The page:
Monday, January 17, 2022


Selling It: American Heroes


The US Treasury Department, tasked with the relatively easy job of selling War Bonds during World War II, nevertheless wasn't above the hard sell to squeeze the last few dollars they could out of the wallets of those not in uniform. 

The panel cartoon series American Heroes offered tales of heroism from the warfronts, always with a stinger about the need to buy War Bonds. The panels were presumably sent out in batches, and newspapers were free to use them as they wished, whether on a regular basis or to fill holes whenever needed. 

The first batch went out in February 1943, and were bylined "by Leff." In my book I mistakenly assigned these to Mo Leff, but later I looked at the microscopic signatures that were inscribed on a few panels (most were unsigned) and see that it actually says "M & S LEFF", indicating that the brothers Mo and Sam both worked on the series, presumably with Mo pencilling and Sam inking. 

The Leffs were responsible for most of the series, but with the batch that went out in November 1944, the new artist was Julian Ollendorff, who offered up the most hell-raising illustrations for the series (see above), showing that at 60-some years old he still had some lively ink left in his pen.

He didn't last long though, as the batch sent out in April 1945 switched to veteran cartoonist Wood (or Woody) Cowan. The batch by Cowan was the last batch sent out, as the war was soon over, though War Bonds did continue to be sold for awhile after the end of the conflict. Although newspapers continued running the panels well into 1946, I'm pretty confident that Cowan only produced a single lot of them.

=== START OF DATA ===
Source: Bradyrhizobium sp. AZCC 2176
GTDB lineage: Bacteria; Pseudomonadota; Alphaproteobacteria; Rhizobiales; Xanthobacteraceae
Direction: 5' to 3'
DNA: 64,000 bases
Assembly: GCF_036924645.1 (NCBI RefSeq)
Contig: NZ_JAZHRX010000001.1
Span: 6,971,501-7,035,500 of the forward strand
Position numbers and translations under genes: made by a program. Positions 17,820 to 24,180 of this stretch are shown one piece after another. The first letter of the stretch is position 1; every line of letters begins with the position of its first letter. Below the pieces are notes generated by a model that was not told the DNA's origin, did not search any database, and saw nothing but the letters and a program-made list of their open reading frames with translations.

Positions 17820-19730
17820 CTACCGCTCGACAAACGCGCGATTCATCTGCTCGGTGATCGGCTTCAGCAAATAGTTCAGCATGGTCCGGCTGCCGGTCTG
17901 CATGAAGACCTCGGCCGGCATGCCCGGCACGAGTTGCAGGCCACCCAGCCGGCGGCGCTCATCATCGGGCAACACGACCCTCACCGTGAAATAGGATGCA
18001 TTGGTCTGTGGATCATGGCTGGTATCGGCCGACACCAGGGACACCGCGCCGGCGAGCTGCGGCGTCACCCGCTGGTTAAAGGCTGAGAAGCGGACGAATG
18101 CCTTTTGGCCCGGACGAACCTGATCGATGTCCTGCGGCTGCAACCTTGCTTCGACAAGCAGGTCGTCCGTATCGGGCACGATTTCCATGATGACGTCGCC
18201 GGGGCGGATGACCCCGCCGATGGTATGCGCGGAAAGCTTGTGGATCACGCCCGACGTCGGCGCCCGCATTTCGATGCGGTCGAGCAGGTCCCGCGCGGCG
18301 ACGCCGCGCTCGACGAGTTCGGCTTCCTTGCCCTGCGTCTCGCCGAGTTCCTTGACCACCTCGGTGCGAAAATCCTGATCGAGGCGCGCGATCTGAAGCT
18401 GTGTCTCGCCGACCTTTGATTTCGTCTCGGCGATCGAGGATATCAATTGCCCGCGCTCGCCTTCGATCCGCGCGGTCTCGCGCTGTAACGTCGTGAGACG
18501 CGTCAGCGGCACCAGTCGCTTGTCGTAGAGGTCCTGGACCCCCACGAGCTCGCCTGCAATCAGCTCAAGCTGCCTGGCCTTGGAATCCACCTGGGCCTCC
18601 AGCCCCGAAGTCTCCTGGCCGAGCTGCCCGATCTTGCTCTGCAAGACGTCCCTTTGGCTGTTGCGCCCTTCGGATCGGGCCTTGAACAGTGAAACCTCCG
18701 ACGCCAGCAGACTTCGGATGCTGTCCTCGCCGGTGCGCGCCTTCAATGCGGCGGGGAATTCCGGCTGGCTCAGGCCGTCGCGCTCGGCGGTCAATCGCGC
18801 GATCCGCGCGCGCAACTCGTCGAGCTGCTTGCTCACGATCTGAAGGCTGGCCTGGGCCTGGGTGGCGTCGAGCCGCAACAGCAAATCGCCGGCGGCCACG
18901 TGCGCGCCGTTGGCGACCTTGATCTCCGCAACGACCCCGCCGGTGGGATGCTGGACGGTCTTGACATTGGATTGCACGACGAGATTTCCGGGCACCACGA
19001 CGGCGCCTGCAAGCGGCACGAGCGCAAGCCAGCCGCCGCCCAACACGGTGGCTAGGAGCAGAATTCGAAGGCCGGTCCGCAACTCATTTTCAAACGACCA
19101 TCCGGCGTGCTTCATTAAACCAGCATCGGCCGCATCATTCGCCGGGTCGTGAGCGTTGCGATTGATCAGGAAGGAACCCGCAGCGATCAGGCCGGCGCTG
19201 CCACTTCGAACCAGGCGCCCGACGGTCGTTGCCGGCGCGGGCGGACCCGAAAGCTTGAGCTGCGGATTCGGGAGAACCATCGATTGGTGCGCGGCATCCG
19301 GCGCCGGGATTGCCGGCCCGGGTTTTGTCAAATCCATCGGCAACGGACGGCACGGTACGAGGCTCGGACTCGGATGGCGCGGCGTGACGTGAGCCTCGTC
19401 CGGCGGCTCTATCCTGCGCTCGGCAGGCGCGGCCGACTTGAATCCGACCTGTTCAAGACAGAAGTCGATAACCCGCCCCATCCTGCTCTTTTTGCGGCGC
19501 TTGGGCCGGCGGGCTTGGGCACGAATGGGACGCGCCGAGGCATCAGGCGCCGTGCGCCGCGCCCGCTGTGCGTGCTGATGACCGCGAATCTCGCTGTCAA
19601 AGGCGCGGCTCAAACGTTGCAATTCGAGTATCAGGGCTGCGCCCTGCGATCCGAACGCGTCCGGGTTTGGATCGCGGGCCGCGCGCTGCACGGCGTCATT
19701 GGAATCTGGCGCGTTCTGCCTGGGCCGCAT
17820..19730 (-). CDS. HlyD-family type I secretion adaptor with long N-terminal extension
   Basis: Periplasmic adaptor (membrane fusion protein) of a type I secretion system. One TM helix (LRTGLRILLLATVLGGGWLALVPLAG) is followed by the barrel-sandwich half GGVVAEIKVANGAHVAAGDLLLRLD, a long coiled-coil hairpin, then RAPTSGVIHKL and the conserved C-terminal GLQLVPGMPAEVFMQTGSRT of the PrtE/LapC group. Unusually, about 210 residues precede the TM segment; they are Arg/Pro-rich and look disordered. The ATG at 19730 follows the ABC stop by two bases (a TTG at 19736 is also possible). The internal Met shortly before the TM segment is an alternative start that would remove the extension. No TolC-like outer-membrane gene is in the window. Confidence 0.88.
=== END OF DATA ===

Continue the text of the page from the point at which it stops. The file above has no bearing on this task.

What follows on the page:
I presume the series was weekly, but I confess I haven't beaten the bushes to figure out exactly how many panels were actually produced. There may not have been enough offered for that frequency. If someone wants to put in the work to figure that out, you'll find plenty of papers running them in online archives. 

On a side note, I was able to verify the stories of the men cited in all the panels above except that of Henry G. Bohlen. No one by that name seems to have won a Silver Star, and I find no trace of the name in wartime newspaper accounts. Did Ollendorff make up a hero from whole cloth?


I've got a decided oddity for you. There *wass* a Henry G. Bohlen, he *was* from Kansas, and he *was* a decorated soldier...but not in the Pacific! shows that he was indeed a Technical Sergeant from Osborne Co., Kansas with the 90th Infantry Division, 357th Infantry Regiment, and he won a *Bronze Star* (not Silver Star), and he was killed in action on July 6, 1944. He's buried in the cemetery at Colleville-sur-Mer, in France.

I have no explanation for this. It could have been something badly garbled, or it could be, shameful to say, an outright lie.
A statement in the Bohlen item was eyebrow-raising: he and his buddies killed or wounded 45 Japanese, and got 145 to surrender? That doesn't sound right.
It only sounds wrong because you don't know the name he went by in the service -- Sgt. Fury. And if anyone could have engaged the Japanese in Europe, it would be him.

Now that I read Wilbur's comment, I readily see his point; very few IJA soldiers surrendered in combat, and 145 surrendering in one battle would have been an extraordinary number, indeed, and likely trumpeted loudly. So, yes, I agree with Wilbur, that should be a red flag.
Post a Comment

This page is powered by Blogger. Isn't yours?

Subscribe to
Posts [Atom]